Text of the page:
July 03, 2020
The University of Pennsylvania is removing a statue of George Whitefield, an English minister who supported slavery, from its campus.
The statue was erected in the dormitory quadrangle in 1919. Whitefield, one of the early leaders of the Methodist movement, pushed for Georgia to legalize slavery in the late 1740s. He owned 50 slaves at his death in 1770.
His connection to Penn stems from the sale of church meeting house that housed the university's predecessor.
The case for removing the statue was "overwhelmingly strong" due to Whitefield's advocacy of slavery, Penn President Amy Gutmann, Provost Wendell Pritchett and Executive Vice President Craig Carnaroli said in a joint statement Thursday.
"He was a well-known evangelical preacher in the mid-18th century, who notably led a successful campaign to allow slavery in Georgia," the university leaders wrote. "This is undeniably one of Whitefield’s principal legacies. Honoring him with a statue on our campus is inconsistent with our university’s core values, which guide us in becoming an ever more welcoming community that celebrates inclusion and diversity."
Penn founder Benjamin Franklin bought the historic church meeting house at Fourth and Arch streets from Whitefield, a lifelong friend, to house the newly-formed Academy of Philadelphia. Franklin owned slaves before becoming an abolitionist.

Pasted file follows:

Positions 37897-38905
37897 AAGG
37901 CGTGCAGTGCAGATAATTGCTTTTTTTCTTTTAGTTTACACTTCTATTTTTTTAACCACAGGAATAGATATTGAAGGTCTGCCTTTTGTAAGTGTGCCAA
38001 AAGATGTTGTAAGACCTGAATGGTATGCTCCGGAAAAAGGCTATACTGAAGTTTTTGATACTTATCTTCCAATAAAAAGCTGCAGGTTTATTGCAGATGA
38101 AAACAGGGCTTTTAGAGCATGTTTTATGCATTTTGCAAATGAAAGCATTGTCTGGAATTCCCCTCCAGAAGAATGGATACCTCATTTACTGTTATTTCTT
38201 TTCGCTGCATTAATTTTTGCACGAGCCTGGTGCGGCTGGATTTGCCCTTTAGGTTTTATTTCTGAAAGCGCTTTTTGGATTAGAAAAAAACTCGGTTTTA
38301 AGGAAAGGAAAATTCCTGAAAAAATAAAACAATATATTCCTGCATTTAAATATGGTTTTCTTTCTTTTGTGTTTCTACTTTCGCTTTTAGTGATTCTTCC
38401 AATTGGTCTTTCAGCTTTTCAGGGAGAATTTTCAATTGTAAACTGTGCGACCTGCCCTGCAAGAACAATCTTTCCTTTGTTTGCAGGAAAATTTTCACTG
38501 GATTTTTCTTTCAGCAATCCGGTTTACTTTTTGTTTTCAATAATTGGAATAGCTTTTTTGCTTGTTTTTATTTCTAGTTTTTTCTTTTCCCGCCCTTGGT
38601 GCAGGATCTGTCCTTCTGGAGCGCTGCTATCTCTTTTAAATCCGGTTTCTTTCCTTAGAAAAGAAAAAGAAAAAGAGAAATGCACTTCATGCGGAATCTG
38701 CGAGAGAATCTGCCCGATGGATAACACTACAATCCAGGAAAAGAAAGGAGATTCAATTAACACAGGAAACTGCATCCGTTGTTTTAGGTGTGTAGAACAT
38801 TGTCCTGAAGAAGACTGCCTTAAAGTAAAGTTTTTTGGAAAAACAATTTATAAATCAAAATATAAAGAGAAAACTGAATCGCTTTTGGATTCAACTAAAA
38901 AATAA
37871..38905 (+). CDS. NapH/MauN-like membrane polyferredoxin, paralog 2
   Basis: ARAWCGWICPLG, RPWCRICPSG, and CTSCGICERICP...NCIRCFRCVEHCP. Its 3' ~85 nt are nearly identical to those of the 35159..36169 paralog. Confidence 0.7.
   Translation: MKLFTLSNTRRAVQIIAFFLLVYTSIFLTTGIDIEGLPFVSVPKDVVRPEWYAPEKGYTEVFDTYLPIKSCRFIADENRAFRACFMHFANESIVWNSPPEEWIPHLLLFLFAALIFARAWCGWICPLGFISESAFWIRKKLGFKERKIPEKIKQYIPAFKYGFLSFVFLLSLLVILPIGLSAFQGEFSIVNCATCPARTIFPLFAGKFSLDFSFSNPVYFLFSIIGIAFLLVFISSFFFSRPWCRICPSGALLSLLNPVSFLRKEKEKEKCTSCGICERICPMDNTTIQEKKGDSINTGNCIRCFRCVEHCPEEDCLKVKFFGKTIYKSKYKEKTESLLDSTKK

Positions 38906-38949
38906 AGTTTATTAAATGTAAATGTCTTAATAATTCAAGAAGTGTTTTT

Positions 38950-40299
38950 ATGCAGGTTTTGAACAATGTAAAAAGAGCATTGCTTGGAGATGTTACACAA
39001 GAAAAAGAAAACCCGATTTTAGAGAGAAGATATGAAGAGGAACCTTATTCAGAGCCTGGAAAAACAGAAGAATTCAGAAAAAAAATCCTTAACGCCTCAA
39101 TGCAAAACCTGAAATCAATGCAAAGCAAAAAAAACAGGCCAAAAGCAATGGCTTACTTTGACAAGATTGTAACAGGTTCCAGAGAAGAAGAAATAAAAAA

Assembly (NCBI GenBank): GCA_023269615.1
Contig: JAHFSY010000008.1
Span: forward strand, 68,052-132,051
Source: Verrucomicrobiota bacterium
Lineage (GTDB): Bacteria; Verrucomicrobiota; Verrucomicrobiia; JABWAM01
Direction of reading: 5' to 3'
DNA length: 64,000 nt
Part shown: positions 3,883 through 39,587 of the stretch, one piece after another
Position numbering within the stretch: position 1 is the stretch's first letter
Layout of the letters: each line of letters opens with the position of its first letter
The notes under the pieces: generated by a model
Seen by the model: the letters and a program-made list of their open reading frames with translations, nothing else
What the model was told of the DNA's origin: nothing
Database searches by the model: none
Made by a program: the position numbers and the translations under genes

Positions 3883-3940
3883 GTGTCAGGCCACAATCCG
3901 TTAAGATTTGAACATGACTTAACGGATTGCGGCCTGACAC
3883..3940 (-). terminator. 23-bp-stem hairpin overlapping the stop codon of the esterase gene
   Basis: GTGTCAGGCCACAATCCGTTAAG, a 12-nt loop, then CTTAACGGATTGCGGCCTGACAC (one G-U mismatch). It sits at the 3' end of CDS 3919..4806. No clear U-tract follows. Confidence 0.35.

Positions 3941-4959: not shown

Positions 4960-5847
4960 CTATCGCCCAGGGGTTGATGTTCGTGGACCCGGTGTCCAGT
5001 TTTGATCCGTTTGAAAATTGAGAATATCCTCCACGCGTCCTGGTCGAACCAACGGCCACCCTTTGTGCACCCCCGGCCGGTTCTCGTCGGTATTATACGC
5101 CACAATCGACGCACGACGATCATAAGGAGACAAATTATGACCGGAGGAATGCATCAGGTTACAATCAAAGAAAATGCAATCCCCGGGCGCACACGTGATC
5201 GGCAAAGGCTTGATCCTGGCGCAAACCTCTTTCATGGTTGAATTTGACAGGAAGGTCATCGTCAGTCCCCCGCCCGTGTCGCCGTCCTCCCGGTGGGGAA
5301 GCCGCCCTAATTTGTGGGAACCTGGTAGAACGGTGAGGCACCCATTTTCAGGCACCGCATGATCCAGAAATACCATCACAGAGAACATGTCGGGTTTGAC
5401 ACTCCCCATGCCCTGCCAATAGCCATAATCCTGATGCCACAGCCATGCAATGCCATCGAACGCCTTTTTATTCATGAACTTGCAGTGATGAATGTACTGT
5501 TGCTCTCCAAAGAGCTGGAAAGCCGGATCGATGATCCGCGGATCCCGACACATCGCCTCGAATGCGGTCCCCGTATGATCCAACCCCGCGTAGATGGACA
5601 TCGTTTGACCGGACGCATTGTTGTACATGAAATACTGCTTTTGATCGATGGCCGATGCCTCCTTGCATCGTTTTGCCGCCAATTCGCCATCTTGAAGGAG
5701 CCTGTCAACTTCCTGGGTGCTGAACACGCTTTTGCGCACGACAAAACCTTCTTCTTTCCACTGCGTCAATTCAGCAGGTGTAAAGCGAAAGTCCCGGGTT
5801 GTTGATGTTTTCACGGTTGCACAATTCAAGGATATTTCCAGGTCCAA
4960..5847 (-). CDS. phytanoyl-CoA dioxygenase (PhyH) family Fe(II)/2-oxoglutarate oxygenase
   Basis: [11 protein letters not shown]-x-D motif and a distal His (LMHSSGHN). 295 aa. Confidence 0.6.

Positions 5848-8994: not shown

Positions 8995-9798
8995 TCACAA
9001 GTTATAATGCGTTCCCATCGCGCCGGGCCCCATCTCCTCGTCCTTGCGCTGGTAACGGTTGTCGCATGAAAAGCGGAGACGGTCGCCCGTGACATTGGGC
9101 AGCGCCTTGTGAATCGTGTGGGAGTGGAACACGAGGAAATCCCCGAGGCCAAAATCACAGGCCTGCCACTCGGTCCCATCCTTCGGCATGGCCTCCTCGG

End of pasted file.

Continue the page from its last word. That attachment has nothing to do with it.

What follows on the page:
The Whitefield statue's removal comes amid a nationwide movement to dismantle monuments honoring individuals with ties to slavery, racism and oppression.
Former Mayor Frank Rizzo's statue was removed from the Thomas Paine Plaza by city officials in early June in response to the George Floyd protests. City officials intend to remove the Christopher Columbus statue in Marconi Plaza.
Penn also announced the formation of a Campus Iconography Group that will examine the history of other statues and symbols located on the University City campus.
"This group will engage in broad outreach across our community and advise us on further steps to ensure that the placement and presence of statues and other prominent iconography better reflects our achievements and aspirations to increase the diversity of the Penn community," the leaders said.
They applauded the Penn & Slavery Project, a research group, for scrutinizing the university's ties to slavery. The research group notes that 10 campus building are named after former slave owners.
The university's leaders did not outline any immediate plans to rename the buildings. Princeton University, a fellow Ivy League institution, recently renamed a building named for President Woodrow Wilson.